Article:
Around 300 to 500 species of microbial flora inhabit the gut of humans, mice and even insects, and are comprehensively known as the intestinal microbiome. These denizens of the gut are vital for numerous physiological processes such as digestion and interestingly, regulation of their host’s immune response.
Not only does this complex symbiotic community in the intestinal microbiome compete against invading germs, it also modulates autoimmune disorders such as type I diabetes and multiple sclerosis. An autoimmune disease develops when our immune system, which defends our body against disease, decides that our healthy cells are foreign and mounts a misdirected attack on one’s own healthy cells.
Past studies on mice have shown that for some autoimmune disorders, supplementing the gut biota with a particular species of bacteria significantly ameliorates the autoimmune response. Similar research on intestinal flora has dissected individual bacterial species, and their effect on the immune cells or intestinal gene expression of the host system.
However, the question regarding the mechanism by which these bacteria exert their effects on the host’s autoimmune responses remained unanswered.
Gut bacteria can alter the protective effects of a gene that wards off type 1 diabetes
Scientists at the Harvard Medical School have studied a promising link between the gut microbiome and type I diabetes, via a complex of proteins that is displayed on the surface of host cells. These proteins are the human leukocyte antigen or HLA (in humans) and major histocompatibility complex or MHC (in mice).
Gene variants of the HLA/MHC complexes are known guardians of the body’s organ systems against certain autoimmune diseases like type I diabetes. The current research, published in the Proceedings of the National Academy of Sciences, showed how the immune modulating effects of the HLA/MHC complexes in diabetes are shaped by the gut microbiome.
The experiments were performed on diabetes-prone mice, which also carried the protective variants of the MHC protein complex. The results of these experiments showed that in the absence of the gut microbiota, the MHC genes could not guard against type I diabetes-related autoimmune response.
The scientists also studied the importance of proper development of the gut flora in the intestines of mice progeny which possessed the guardian genes. Young mice raised in sterile cages, or treated with antibiotics during the first six weeks of development, developed symptoms of type I diabetes despite carrying the protective genes. Later treatments with antibiotics did not have the same drastic effect on diabetes onset.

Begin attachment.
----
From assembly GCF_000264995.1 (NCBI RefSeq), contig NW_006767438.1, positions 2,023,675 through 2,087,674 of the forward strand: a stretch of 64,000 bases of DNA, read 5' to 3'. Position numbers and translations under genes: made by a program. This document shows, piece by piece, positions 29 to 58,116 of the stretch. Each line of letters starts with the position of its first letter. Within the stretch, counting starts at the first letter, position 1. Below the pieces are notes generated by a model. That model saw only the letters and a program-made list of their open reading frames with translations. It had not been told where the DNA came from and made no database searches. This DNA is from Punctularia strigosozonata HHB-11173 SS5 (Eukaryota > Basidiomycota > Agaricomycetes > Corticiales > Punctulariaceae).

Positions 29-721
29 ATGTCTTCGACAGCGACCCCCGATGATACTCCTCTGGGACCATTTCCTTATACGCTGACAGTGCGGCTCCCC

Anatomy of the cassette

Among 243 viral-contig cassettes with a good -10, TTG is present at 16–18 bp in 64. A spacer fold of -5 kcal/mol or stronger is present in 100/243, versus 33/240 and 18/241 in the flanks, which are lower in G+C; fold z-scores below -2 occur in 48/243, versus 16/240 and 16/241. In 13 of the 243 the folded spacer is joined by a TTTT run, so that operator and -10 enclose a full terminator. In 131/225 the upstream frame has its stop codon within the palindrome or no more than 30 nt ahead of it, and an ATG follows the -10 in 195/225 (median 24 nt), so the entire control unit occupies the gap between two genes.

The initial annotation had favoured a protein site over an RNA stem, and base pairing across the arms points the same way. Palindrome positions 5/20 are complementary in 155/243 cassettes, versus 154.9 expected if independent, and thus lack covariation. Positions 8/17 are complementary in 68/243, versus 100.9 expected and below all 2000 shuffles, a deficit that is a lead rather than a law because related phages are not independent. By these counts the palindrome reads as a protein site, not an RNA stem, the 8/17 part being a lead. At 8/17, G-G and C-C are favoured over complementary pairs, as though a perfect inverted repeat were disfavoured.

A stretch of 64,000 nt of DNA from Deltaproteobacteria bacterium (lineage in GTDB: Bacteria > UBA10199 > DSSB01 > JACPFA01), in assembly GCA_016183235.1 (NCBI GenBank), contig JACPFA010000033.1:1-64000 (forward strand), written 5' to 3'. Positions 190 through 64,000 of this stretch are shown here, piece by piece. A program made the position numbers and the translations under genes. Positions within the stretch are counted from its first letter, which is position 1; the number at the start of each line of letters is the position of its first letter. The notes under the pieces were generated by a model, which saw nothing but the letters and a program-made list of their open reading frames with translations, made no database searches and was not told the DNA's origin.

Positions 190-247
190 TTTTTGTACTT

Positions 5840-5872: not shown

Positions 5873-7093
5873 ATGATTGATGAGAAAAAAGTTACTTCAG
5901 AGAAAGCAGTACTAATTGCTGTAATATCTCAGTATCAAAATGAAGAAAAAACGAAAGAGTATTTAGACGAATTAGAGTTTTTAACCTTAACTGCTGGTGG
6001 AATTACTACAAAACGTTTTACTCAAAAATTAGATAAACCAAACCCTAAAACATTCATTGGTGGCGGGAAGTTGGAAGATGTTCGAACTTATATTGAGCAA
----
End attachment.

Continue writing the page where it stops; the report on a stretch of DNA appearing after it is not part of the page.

The scientists pointed out that a sterile environment during early stages of growth prevents exposure to foreign microbes, and therefore interfered with both establishment of a balanced gut microbiome, and proper development of the acquired immune system in young mice.
“We believe that our results not only offer a clue into a longstanding mystery but also raise the possibility that substances or environmental influences that alter the intestinal balance can modulate the effects of a powerfully protective gene and shape disease risk,” said Diane Mathis, who led the study together with Christophe Benoist, both professors in the Department of Microbiology and Immunobiology at Harvard Medical School.
Interestingly, mice that got their protective genes from the father eventually developed diabetes. On the other hand, genes inherited from the mother exerted a synergistic effect along with maternal gut microbiota to protect against diabetes. If the mothers were treated with antibiotics in the week before birth, their progeny developed diabetes despite inheriting the guardian genes.
In another set of experiments, the researchers worked on diabetes-prone mice without the protective genes, and transplanted fecal matter from mice that carried the guardian gene. The diabetes-prone mice exhibited reduced autoimmune responses and were guarded against diabetes.
These results highlight the role of the gut microbial community in shaping a balanced immune response in the host. It also shows that there might be an interplay between host proteins and gut flora, and that this cross-talk shapes the composition of intestinal microbes in the individual.
Further research is required, to extend the results of these experiments to human systems and autoimmune disorders. Mapping the bacterial species that specifically cross-talk with the host system via precise protein interactions could further explain the complex mechanism by which the gut microbiome balances our immune response.
“Our findings need to be borne out in further experiments,” Mathis said. “However, our results powerfully illustrate the notion that early antibiotic exposure can modulate disease risk and that avoiding or at least minimizing antibiotic treatment in infants and pregnant women during critical periods of development may be a good idea.”
Source: Harvard Medical School